At the Court's behest, Defendants filed the instant Motions challenging Plaintiffs' standing to bring this suit. Defendants cite primarily to the fact that Plaintiffs have lost no parish contracts since the enactment of the Ordinance and that the subject Ordinance has been suspended by the Parish Council pending the resolution of this litigation. The justiciability doctrines of standing, mootness, political question, and ripeness all stem from the case or controversy requirement set forth in Article III of the United States Constitution.[7] The basic requirements of standing, as set forth by the Supreme Court, are as follows:

First, the plaintiff must have suffered an “injury in fact”-an invasion of a legally protected interest which is (a) concrete and particularized, and (b) “actual or imminent, not ‘conjectural' or ‘hypothetical, ' ” Second, there must be a causal connection between the injury and the conduct complained of-the injury has to be “fairly ... trace[able] to the challenged action of the defendant, and not ... th[e] result [of] the independent action of some third party not before the court.” Third, it must be “likely, ” as opposed to merely “speculative, ” that the injury will be “redressed by a favorable decision.”[8]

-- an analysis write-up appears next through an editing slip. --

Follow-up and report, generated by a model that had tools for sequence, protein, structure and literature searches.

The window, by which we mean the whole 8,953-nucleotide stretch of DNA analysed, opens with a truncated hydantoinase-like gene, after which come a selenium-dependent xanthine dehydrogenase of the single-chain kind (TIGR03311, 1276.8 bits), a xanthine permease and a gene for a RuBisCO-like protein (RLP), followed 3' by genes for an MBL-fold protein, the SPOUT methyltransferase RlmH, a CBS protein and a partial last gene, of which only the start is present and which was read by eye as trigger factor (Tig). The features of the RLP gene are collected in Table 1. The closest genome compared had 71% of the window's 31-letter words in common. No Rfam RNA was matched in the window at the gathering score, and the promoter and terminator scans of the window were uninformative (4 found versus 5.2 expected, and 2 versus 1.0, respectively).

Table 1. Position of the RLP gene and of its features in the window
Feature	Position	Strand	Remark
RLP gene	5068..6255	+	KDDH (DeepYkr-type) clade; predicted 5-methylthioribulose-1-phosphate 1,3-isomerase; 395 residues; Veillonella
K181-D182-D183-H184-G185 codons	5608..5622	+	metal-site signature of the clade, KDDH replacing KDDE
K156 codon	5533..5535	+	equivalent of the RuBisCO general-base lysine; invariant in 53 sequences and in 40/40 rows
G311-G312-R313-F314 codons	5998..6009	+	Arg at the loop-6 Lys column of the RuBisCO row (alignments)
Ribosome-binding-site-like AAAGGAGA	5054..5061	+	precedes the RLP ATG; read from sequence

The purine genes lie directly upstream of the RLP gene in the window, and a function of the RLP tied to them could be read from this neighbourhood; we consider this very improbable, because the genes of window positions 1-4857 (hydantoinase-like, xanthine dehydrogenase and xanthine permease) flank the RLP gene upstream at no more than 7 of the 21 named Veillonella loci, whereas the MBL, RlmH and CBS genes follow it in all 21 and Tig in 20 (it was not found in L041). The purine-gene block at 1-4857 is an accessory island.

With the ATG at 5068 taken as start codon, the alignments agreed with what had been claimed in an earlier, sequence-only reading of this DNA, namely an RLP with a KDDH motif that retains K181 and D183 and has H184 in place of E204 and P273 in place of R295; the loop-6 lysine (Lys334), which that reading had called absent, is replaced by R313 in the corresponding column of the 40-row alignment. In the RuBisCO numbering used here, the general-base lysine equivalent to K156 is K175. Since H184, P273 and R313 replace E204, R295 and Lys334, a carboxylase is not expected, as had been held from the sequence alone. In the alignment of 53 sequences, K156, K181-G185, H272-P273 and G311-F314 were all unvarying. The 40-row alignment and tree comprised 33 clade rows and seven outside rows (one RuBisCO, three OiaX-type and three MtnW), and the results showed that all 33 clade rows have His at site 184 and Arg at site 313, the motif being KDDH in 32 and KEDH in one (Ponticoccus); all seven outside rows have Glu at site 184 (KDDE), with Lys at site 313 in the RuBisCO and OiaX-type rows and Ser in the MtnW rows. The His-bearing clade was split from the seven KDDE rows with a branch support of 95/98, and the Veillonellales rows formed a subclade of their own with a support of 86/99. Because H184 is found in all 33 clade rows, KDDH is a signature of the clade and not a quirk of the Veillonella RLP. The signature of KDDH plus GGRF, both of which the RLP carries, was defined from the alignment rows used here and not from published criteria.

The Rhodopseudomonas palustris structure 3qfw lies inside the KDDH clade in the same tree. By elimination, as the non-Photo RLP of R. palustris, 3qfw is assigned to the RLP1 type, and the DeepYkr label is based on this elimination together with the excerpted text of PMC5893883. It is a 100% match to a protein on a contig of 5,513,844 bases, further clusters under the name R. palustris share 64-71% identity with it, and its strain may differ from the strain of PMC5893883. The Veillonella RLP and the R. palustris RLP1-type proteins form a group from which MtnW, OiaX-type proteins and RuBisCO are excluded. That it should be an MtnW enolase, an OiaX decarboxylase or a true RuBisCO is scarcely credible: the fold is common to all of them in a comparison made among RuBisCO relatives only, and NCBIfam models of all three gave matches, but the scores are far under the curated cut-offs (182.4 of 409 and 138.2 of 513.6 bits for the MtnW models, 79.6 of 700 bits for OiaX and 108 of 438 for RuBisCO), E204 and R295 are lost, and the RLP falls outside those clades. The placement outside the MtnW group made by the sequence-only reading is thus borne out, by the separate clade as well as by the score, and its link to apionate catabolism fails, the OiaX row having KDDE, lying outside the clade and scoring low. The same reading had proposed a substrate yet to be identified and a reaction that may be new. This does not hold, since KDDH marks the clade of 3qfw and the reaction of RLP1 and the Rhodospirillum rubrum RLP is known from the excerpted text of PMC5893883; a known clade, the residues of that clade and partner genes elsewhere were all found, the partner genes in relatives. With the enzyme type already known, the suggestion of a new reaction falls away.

Similar to standing, the ripeness doctrine requires dismissal of cases that are merely abstract or hypothetical.[9] “[E]ven where an issue presents purely legal questions, the plaintiff must show some hardship in order to establish ripeness.”[10] The rationale behind this rule is “to prevent the courts, through avoidance of premature adjudication, from entangling themselves in abstract disagreements.”[11]